Why Do Teachers Quit?
You may not be fully aware, but America is facing a teacher shortage. The reason there aren’t enough teachers for classrooms across America is because too many teachers are quitting the profession.
That’s the short answer. The longer answer is the K12 system isn’t designed to be functional or adaptive to the 21st century. But we will come back to that later in this article.
For now, what you need to know is that nearly 35% of new teachers quit the profession before the end of their 3rd year. That’s according to data collected by the US Department of Education.
And if you want to truly understand why teachers are quitting, let me tell you my story.
If you look at my experience, expertise and success, you might be wondering, “how on earth would I know what teachers go through?”
The truth is that I was a statistic.
I began my career inside the classroom, first as a teaching assistant and then as a full-teacher. I taught computers back in the day, and then I became a high school social studies teacher. But I ran up against every single obstacle, hurdle and problem teachers in 2022 face.
The system was designed in 1875, therefore all of the problems teachers face have been the same for the last 100 years. Both my parents were teachers, so when I used to ask them questions about why things were the way they were — they used to tell me “that’s the system, you learn to deal with it.”
That was not reassuring to me. And it’s not what 21st century teachers want to hear either.
In 2020 and 2021, the NEA (National Education Association) and EdWeek both conducted teacher surveys, in order to better understand what teachers were saying and going through during the Pandemic.
To their surprise, the answers they received were no different than before the Pandemic, before the school shut down in March 2020, and before remote learning on Zoom.
The number one reason teachers cited for “wanting to quit” was a lack of support from their school, their administrators and from the community.
That’s not NEW news! In fact, teachers haven’t gotten support since the beginning of the system itself.
How do I know this? Because I was a statistic. I decided to quit being a teacher in my 3rd year. I couldn’t take it anymore. I didn’t understand how a building filled with highly educated and intelligent people could behave so idiotically.
Nothing made any sense.
If a teacher has a question, there is no place for them to go to get it answered.
That’s just plain ridiculous.
But that’s reality for teachers. In addition, the K12 system has set up this fake and false sense of professional development. The title means something, but the execution is far from salvageable.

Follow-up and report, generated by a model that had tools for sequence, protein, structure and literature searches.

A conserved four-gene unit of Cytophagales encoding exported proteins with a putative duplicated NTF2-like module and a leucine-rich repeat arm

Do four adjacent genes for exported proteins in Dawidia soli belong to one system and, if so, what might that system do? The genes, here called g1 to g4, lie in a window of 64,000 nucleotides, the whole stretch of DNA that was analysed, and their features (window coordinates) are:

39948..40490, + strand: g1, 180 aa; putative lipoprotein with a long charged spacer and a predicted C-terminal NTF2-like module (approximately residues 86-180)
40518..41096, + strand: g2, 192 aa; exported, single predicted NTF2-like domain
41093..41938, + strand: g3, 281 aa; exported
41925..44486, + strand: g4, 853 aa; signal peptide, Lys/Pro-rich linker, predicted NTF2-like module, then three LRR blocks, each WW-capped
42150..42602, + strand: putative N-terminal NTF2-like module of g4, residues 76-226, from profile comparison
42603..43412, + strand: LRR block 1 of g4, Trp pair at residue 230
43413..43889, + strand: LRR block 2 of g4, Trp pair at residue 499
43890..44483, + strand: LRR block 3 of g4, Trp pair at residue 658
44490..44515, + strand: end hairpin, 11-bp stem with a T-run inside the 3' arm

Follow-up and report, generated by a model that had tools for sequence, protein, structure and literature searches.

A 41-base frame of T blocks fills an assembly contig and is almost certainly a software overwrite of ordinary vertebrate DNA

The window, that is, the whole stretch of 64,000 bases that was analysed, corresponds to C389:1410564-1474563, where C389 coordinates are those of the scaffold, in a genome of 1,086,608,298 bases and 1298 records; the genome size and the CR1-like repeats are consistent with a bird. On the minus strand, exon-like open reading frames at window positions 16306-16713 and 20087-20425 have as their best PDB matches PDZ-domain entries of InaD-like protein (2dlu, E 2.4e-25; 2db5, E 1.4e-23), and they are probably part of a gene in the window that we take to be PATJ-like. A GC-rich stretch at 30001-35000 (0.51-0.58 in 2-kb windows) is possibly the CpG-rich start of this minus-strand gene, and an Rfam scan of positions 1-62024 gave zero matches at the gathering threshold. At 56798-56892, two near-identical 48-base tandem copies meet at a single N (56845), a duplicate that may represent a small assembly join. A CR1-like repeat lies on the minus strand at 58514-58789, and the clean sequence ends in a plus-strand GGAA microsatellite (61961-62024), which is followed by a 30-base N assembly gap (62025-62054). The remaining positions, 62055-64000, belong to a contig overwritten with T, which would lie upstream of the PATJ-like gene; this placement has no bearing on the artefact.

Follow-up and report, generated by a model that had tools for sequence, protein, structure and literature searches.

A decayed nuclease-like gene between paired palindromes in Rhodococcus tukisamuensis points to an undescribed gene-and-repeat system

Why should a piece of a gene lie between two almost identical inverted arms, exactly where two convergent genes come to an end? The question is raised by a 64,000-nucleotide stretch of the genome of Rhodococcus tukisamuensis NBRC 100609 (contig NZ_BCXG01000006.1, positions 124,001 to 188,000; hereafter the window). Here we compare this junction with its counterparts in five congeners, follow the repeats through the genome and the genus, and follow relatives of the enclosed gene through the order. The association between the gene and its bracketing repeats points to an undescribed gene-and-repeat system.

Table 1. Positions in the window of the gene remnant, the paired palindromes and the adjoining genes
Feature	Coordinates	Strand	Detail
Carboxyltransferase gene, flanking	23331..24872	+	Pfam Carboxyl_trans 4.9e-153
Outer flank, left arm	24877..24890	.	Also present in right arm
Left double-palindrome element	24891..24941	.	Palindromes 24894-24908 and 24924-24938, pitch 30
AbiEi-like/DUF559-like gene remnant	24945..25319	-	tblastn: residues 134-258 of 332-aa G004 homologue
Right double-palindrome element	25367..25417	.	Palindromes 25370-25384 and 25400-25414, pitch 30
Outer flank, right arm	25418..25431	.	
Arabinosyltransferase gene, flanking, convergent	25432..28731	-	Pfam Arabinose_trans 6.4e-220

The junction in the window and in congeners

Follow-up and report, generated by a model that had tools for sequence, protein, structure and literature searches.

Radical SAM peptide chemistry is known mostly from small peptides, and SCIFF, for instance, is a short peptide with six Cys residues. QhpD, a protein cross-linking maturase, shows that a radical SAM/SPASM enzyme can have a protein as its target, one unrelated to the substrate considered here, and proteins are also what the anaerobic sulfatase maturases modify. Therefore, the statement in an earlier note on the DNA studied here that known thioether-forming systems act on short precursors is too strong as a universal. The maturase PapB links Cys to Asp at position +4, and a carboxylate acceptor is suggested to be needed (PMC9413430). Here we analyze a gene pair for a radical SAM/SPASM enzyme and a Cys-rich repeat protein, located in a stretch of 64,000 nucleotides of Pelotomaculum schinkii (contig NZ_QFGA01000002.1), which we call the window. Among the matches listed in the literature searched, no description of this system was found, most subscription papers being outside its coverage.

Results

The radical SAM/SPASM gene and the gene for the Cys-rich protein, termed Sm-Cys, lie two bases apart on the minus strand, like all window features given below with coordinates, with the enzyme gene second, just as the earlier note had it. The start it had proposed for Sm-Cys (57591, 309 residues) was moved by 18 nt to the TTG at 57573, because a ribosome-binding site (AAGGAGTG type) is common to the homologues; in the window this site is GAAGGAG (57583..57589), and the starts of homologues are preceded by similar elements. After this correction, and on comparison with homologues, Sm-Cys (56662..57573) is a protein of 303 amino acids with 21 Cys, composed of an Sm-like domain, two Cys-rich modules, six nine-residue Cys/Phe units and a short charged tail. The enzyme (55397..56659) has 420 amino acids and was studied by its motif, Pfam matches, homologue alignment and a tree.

If you want to truly understand why teachers are quitting, try and put yourself in their shoes. Imagine you go to work and your boss gives you an assignment without any instructions. Now imagine, you work for several hours and still can’t figure it out, so you go back to your boss with the hope of asking questions for clarification, but when you knock on your boss’ door, they tell you they’re busy and “you can do it!”
Think about that for a moment. Did you doubt your skills? When you went to your boss for clarification, did you not believe in yourself? Of course you did. You didn’t go to your boss for a “pep talk”, you went to them because they handed you an assignment that you don’t understand what they want.
The problem isn’t you — the problem is the communication from them.
That’s just one hurdle teachers are forced to overcome on a daily basis.
The response from building administrators is to tell teachers, “you are doing a great job!” And lots of pats on the back.
Is that what you were looking for? There’s a huge difference between recognition for a job well done and encouragement to keep moving forward. Of course teachers need encouragement and morale support, we all do.
But teachers don’t need it everyday. Instead, what would be more helpful is if someone would show them the research on expert level instruction. And teach them the best practice techniques to improve their performance in class. And any tips and advice on how to reach EVERY single student in their classroom.
The bottom line is that teachers want to be GREAT at their job, just like you or me want to be great at our profession.
What that means is teachers are no different than anyone else who goes to work and earns a paycheck to provide for their family.
I quit being a teacher because there was NO PATH to success. I could see in that 3rd year that “this was it” and it was never going to get any better. I couldn’t see myself being happy. I couldn’t see myself feeling accomplished. And lastly, I wasn’t helping my students.
What I needed was a comprehensive Teacher Development program to show me every best teaching practice. What I needed was a formal program to help me go from the areas that I struggled with to become an expert-level instructor for my students.
What I wanted was to feel like I went to school everyday and the system that enveloped me “cared” about my career growth, not that I showed up to work that day.